To pay his son's school fees, Suryabhanu Pratap (name changed) withdrew Rs 5,000 from his private bank's automatic teller machine. A day later, the school called him to inform that they had found four fake Rs 500 notes in the amount deposited.
"I was scared and felt completely humiliated," says Pratap. He quietly went back to the school next day and exchanged the notes. Why didn't he inform the bank or the police?
Reading the signs
Serial numbers are printed with fluorescent ink, which can be seen when viewed under a ultraviolet lens
Floral design on the left side - half the denomination of the currency will be printed on the front side and the other half on the back side. If seen against bright light, the complete denomination appears
Just below the floral print, a mark is made in intaglio (a kind of printing, where the image is slightly raised) for the visually-impaired to identify the denomination. For the Rs 500 note, the mark is a circle, for the Rs 100, it is a triangle and a square for the Rs 50
Similarly, a portrait of Mahatma Gandhi, the RBI seal, a guarantee and promise clause, a Ashoka Pillar emblem on the left and RBI Governor's signature are all printed on intaglio
A band printed on the right side contains a latent image of the denomination of the banknote. The numeral appears when the currency is held horizontally at eye level
A wide security thread with inscriptions "Bharat" in Hindi and "RBI" runs through the banknote. The thread fluoresces on both sides in ultraviolet light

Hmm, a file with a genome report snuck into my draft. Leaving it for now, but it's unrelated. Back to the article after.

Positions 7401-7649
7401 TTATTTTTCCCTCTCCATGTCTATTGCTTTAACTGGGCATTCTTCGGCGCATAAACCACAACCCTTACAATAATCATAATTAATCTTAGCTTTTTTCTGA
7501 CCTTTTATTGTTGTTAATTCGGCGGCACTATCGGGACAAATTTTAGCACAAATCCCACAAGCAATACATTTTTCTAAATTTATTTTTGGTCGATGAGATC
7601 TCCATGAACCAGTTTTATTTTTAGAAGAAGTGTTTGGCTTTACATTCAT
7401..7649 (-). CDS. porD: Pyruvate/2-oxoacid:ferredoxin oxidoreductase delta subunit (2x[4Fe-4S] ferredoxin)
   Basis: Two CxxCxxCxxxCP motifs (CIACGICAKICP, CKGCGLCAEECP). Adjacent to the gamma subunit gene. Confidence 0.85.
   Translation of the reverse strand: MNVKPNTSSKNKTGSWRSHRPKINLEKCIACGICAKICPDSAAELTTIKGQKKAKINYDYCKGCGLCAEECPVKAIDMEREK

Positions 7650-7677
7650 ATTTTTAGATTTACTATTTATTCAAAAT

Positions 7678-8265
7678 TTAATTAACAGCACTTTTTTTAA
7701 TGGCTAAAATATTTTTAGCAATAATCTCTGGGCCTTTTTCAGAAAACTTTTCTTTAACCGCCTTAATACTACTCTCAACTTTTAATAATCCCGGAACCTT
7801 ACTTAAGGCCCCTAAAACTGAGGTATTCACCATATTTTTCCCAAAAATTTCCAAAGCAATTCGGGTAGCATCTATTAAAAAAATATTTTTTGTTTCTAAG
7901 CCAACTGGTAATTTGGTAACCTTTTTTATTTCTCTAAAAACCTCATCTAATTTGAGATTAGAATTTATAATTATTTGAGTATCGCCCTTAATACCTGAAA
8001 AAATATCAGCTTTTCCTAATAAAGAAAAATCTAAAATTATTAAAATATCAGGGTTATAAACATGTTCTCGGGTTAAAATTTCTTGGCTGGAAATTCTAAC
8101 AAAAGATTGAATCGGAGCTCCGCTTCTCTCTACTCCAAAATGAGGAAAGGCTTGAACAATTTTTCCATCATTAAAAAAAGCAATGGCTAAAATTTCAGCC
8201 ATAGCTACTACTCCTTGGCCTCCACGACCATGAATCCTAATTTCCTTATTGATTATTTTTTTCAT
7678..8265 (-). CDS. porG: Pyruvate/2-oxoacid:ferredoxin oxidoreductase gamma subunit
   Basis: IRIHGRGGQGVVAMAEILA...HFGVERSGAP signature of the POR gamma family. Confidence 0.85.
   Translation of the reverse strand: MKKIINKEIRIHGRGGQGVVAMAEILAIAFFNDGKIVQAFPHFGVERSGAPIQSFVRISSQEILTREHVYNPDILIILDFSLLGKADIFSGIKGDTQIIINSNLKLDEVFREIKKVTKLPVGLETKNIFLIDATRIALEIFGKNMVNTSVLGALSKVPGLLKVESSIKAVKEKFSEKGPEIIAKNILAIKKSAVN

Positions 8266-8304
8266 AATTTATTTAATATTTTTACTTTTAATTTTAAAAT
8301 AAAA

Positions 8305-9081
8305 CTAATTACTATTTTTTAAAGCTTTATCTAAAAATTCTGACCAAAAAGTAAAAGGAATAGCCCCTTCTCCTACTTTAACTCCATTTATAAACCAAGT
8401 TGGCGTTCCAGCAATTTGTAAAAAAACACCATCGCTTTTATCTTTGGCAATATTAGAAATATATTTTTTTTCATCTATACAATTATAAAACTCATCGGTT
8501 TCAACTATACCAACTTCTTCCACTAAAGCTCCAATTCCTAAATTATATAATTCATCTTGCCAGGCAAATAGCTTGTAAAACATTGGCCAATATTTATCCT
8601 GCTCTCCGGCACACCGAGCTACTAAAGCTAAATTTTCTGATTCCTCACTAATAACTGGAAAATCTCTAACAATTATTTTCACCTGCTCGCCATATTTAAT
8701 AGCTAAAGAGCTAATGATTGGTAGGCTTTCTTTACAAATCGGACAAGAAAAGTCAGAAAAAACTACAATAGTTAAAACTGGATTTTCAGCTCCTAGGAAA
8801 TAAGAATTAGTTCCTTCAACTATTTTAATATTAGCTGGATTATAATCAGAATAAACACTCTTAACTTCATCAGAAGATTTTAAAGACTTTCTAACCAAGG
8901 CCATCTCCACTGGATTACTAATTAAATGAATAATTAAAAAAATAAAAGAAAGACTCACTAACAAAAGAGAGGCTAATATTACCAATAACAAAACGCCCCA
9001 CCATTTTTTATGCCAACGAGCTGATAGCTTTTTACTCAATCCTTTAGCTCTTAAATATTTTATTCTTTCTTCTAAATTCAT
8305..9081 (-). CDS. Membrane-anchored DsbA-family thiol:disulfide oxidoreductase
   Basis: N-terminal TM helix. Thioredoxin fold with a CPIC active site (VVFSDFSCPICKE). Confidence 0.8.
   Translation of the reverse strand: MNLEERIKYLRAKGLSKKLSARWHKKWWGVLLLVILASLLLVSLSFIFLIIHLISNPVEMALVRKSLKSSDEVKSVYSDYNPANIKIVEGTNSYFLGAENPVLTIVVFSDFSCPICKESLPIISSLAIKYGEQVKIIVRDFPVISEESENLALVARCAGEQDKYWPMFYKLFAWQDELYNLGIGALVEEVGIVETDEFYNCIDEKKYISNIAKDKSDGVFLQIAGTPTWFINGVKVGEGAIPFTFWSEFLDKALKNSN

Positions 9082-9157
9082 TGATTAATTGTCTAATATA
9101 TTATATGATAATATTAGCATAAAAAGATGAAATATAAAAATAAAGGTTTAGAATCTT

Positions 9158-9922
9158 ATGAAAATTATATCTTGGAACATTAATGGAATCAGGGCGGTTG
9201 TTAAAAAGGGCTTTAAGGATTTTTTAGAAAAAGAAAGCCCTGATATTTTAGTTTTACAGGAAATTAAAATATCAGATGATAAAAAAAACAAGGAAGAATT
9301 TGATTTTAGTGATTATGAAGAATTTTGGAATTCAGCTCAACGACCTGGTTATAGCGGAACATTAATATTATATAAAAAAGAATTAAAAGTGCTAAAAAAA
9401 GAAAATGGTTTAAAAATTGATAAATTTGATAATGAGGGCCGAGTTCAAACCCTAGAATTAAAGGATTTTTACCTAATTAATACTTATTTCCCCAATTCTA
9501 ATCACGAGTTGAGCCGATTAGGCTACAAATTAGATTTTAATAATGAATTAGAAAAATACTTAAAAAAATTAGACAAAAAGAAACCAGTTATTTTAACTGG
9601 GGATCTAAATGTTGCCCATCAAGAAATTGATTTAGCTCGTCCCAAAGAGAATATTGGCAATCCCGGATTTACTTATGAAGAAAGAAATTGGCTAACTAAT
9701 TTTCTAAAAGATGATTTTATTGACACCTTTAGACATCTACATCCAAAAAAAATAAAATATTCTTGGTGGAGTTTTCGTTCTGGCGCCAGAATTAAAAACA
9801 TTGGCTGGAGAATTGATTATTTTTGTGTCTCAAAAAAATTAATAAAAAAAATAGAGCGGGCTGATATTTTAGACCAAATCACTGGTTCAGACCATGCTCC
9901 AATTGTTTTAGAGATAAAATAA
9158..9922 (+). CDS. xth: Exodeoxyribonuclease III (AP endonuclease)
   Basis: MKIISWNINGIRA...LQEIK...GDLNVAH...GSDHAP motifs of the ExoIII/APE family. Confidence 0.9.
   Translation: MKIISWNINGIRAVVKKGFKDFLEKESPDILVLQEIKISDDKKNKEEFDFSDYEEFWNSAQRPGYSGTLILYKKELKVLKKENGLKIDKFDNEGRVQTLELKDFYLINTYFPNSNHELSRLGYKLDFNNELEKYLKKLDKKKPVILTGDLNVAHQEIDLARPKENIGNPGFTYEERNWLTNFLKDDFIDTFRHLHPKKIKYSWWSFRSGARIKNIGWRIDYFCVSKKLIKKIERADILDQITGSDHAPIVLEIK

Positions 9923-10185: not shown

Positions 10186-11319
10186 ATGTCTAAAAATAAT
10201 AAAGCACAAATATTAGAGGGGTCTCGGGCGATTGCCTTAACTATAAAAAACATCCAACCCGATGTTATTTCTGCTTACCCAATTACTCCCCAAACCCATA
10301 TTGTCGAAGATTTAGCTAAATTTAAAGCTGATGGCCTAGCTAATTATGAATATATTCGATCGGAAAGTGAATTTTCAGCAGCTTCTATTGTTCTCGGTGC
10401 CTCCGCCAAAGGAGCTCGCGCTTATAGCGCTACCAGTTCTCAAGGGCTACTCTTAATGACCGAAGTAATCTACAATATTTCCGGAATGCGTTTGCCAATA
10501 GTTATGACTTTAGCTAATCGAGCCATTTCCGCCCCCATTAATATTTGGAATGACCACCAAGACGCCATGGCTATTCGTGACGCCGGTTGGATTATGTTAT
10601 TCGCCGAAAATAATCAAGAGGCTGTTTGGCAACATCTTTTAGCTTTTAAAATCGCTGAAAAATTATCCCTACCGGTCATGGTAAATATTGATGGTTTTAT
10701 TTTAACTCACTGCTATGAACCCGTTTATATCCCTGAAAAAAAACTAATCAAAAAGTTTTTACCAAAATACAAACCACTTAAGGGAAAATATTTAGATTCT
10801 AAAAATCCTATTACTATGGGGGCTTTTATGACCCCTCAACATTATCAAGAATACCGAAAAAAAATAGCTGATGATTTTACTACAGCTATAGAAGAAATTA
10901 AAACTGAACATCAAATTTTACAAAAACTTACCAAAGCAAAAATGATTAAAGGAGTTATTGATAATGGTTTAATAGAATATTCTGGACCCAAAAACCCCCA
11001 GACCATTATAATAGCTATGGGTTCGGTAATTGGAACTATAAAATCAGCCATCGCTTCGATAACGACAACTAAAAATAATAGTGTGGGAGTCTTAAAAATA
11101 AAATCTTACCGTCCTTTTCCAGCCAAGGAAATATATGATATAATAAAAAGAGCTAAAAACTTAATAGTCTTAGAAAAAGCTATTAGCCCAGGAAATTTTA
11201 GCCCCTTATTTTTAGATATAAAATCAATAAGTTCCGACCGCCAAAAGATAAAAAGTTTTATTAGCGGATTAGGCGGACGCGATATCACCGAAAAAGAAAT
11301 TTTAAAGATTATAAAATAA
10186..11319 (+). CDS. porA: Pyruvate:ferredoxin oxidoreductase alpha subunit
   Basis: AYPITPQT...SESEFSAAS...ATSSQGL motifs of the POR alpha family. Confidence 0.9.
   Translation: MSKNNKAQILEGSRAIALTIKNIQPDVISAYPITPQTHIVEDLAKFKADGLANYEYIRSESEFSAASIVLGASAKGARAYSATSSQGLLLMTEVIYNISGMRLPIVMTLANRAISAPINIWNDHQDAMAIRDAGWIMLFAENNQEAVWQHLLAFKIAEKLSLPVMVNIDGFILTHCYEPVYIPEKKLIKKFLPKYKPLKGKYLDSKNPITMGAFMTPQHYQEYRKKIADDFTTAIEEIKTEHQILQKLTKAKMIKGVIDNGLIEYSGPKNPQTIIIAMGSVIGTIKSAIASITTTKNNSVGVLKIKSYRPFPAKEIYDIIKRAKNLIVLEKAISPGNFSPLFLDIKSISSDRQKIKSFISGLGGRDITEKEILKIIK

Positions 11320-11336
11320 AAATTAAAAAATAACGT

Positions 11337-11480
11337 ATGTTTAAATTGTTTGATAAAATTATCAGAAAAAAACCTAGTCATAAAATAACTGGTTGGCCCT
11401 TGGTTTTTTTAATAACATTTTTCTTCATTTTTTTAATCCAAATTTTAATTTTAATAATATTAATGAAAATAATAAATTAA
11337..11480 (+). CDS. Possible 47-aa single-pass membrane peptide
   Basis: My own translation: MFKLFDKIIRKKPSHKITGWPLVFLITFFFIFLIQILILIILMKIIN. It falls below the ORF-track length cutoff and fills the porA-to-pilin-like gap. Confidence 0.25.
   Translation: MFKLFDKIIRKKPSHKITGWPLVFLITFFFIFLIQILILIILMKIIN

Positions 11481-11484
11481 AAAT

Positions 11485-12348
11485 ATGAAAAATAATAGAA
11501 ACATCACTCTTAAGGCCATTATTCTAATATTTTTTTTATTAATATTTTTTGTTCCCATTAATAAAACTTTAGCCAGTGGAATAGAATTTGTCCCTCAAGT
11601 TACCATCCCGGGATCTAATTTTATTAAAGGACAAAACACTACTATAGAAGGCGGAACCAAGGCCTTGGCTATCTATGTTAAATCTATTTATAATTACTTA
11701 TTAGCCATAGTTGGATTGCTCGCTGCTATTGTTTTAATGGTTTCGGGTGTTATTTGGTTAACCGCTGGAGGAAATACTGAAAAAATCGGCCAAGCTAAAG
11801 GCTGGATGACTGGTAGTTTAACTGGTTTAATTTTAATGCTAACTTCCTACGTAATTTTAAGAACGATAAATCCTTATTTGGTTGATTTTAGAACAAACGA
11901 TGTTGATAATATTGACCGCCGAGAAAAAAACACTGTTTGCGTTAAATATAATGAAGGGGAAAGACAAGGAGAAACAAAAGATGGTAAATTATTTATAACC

"I had no way to prove that the money was withdrawn from the bank ATM. I also did not want to get involved in any police investigations," Pratap claims. The notes were torn and thrown in the nearest ditch - a loss of Rs 2,000.
Banks, on their part, said that that it is in the "rarest of rare cases" that someone finds counterfeit notes in the money withdrawn from an ATM. "The notes to be deposited in the ATM go through a series of checks to be ATM-fit. Counterfeit currencies, if any, are detected during these checks," said Jitendra Balakrishnan, deputy managing director, IDBI Bank. However, though banks keep the record of the serial numbers of new notes being put into the machine, there is no record of older notes.
There has been huge rise in the number of counterfeit notes in the last one year. According to recent RBI data, the value of fake currency detected in 2007-08 rose by 137 per cent to Rs 5.5 crore (Rs 55 million) from 2.4 crore (Rs 24 million) in the previous financial year. And for hapless victims like Pratap, there is nothing much that can be done.
"The police can investigate with the bank only if the notes are in a series," Robin Matthew, a criminal advocate, says. Since the possession of fake currency is a criminal offense, even the possession of a single note can lead to serious trouble.
So what should you do when counterfeit currency is encountered? A senior RBI official says, "If the currency notes have come from the bank, either from an ATM or direct withdrawal, the customer should lodge a police complain and mention the source of the currency." After that, the currency is either destroyed or sent to RBI for further investigations, if the police are unable to establish the bank as the source.
When banks find counterfeits during a deposit, the teller confiscates it and destroys it in front of the customer. Later, an application is filed at the local police station giving the details of the currency and customer details, according to KVS Manian, group head, retail liabilities and branch banking, Kotak Mahindra Bank [Get Quote].
An official letter is sent to the customer, whose notes have been destroyed, with the serial numbers. There is no mechanism to ensure that the customer gets his money back and nor are there any guidelines or rules to protect the customer from this problem. "The game is all about passing the buck. So, whoever is in possession of the fake currency, is the culprit," a senior banker said requesting anonymity.